Cryptogenic polyneuropathy: clinical and neurophysiological findings

Authors

  • Jonas Lindh,

    Corresponding author
    1. Section of Neurology, Department of Internal Medicine, Ryhov County Hospital, Jönköping;
      †Jonas Lindh, Department of Internal Medicine, Ryhov County Hospital, S-551 85 Jönköping, Sweden. Tel: +46-36-321000; Fax: +46-36-322188; E-mail: jonas.lindh@lt.se
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  • Martin Tondel,

    1. Division of Occupational and Environmental Medicine, Department of Molecular and Clinical Medicine, Linköping University;
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  • Anders Österberg,

    1. Section of Neurology, Department of Internal Medicine, Motala Hospital, Motala; and
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  • Magnus Vrethem

    1. Departments of Neurology and Neurophysiology, University Hospital of Linköping, Linköping, Sweden
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†Jonas Lindh, Department of Internal Medicine, Ryhov County Hospital, S-551 85 Jönköping, Sweden. Tel: +46-36-321000; Fax: +46-36-322188; E-mail: jonas.lindh@lt.se

Abstract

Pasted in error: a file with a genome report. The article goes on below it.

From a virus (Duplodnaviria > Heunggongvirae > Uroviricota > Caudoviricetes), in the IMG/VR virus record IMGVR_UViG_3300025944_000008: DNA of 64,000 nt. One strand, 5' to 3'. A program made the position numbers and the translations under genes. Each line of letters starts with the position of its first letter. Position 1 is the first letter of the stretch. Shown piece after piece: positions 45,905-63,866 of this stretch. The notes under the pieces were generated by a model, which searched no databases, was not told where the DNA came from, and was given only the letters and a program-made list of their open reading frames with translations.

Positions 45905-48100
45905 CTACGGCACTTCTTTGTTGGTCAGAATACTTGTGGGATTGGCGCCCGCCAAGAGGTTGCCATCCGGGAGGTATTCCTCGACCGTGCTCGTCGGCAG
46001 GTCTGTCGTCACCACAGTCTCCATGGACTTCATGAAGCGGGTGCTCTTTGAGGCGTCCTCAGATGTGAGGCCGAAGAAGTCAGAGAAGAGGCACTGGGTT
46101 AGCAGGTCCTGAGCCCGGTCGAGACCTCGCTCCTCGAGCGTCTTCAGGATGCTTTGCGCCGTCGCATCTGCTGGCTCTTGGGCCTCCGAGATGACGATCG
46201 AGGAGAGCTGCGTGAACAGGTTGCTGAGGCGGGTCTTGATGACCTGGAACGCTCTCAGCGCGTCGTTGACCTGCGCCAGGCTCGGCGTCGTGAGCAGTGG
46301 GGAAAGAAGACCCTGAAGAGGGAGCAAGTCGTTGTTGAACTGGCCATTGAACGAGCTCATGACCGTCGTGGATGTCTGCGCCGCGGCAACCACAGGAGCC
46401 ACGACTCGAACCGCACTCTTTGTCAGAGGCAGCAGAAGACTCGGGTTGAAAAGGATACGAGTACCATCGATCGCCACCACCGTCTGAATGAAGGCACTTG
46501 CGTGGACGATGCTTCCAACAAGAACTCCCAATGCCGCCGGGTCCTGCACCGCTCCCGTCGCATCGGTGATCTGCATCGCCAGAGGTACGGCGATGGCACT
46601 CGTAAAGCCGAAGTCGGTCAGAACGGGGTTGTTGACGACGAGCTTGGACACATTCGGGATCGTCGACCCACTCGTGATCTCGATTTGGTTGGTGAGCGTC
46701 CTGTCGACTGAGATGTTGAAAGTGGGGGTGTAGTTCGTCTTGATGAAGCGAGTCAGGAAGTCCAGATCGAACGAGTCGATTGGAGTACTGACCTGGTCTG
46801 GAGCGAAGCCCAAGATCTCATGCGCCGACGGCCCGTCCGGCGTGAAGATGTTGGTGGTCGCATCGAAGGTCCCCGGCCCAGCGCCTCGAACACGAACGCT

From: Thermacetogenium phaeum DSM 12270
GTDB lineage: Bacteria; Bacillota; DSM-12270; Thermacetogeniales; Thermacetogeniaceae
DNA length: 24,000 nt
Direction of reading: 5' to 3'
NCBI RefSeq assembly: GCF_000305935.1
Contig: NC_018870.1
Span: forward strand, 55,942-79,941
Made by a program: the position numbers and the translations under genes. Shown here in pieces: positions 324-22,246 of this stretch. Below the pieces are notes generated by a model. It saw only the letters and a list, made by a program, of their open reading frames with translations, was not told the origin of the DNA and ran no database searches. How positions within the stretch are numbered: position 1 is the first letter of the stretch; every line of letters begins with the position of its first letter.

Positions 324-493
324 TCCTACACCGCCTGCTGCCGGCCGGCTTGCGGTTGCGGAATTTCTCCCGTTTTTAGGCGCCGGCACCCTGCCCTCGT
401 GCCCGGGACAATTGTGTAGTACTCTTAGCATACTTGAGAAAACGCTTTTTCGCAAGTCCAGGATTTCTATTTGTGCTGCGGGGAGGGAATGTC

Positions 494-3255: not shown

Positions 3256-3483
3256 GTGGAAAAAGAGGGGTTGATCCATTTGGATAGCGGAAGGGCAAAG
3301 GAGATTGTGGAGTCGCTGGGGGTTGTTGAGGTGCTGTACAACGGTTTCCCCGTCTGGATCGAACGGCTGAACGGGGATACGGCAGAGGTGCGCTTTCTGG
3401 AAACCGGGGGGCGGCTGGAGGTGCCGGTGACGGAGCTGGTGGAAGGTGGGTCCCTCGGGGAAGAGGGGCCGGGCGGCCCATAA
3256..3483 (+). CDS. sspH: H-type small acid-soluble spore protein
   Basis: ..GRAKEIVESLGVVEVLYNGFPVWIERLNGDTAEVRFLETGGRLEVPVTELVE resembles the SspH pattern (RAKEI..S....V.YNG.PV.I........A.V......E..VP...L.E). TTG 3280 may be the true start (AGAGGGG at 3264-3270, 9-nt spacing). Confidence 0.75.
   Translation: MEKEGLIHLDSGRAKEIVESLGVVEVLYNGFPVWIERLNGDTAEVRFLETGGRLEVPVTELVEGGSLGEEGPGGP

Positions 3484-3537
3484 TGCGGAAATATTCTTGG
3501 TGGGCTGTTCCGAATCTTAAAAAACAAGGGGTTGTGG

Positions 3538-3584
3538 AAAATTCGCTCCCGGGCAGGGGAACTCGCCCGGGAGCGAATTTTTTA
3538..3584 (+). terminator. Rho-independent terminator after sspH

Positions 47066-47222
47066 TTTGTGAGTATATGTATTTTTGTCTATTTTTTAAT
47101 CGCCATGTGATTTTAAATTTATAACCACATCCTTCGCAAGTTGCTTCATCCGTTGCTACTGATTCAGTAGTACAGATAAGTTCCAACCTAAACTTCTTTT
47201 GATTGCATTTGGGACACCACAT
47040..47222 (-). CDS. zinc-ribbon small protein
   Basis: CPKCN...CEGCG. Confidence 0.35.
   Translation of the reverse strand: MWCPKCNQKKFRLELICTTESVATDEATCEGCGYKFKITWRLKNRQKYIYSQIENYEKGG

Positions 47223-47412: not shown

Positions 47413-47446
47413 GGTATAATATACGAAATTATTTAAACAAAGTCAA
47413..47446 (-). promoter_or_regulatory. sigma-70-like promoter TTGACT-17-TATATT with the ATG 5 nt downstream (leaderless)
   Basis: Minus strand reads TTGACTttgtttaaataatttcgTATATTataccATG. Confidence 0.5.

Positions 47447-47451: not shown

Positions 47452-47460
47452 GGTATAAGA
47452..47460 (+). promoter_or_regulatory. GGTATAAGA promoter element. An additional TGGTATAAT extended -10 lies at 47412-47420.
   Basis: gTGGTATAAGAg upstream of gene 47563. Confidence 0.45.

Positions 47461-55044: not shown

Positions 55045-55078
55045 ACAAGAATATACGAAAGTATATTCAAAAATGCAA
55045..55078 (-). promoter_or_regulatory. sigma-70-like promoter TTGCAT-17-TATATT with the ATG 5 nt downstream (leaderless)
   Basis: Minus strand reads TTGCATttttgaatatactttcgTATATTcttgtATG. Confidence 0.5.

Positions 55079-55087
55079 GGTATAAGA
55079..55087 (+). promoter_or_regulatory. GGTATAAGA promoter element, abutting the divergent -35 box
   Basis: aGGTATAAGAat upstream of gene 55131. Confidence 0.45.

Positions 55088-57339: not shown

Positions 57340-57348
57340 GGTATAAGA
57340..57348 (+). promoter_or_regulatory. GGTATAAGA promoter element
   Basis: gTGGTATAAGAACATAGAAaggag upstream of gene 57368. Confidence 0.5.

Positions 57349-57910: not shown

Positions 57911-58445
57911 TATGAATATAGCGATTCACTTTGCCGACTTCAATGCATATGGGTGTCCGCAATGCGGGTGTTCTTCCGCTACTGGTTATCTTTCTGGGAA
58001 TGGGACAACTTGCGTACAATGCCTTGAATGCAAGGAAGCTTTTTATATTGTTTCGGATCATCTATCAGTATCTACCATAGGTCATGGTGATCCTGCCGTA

Abstract  The purpose of this study was to describe the clinical and neurophysiological features of cryptogenic polyneuropathy in 168 patients in the neurological departments at three Swedish hospitals. The medical records of all patients aged 40–79 years with the diagnosis of cryptogenic polyneuropathy from 1993 to 2000 were analysed. One hundred and fourteen patients (68%) were men. The mean age at first symptom was 61 years and at diagnosis it was 64 years. Distal numbness (n = 115, 68%) was the most common symptom, but some patients complained of pain, pedal paresthesiae, and impairment of balance. The most common clinical findings were decreased or lost proprioception or sense of vibration (n = 135, 80%) and loss of ankle jerks (n = 131, 78%). Neurography in 139 patients showed mixed sensorimotor polyneuropathy of axonal or mixed axonal and demyelinating type in 97 (70%). Cryptogenic polyneuropathy is a slowly progressive sensorimotor nerve lesion of mainly axonal type. Men are more often affected than women. Most patients have a minor or moderate severe polyneuropathy.

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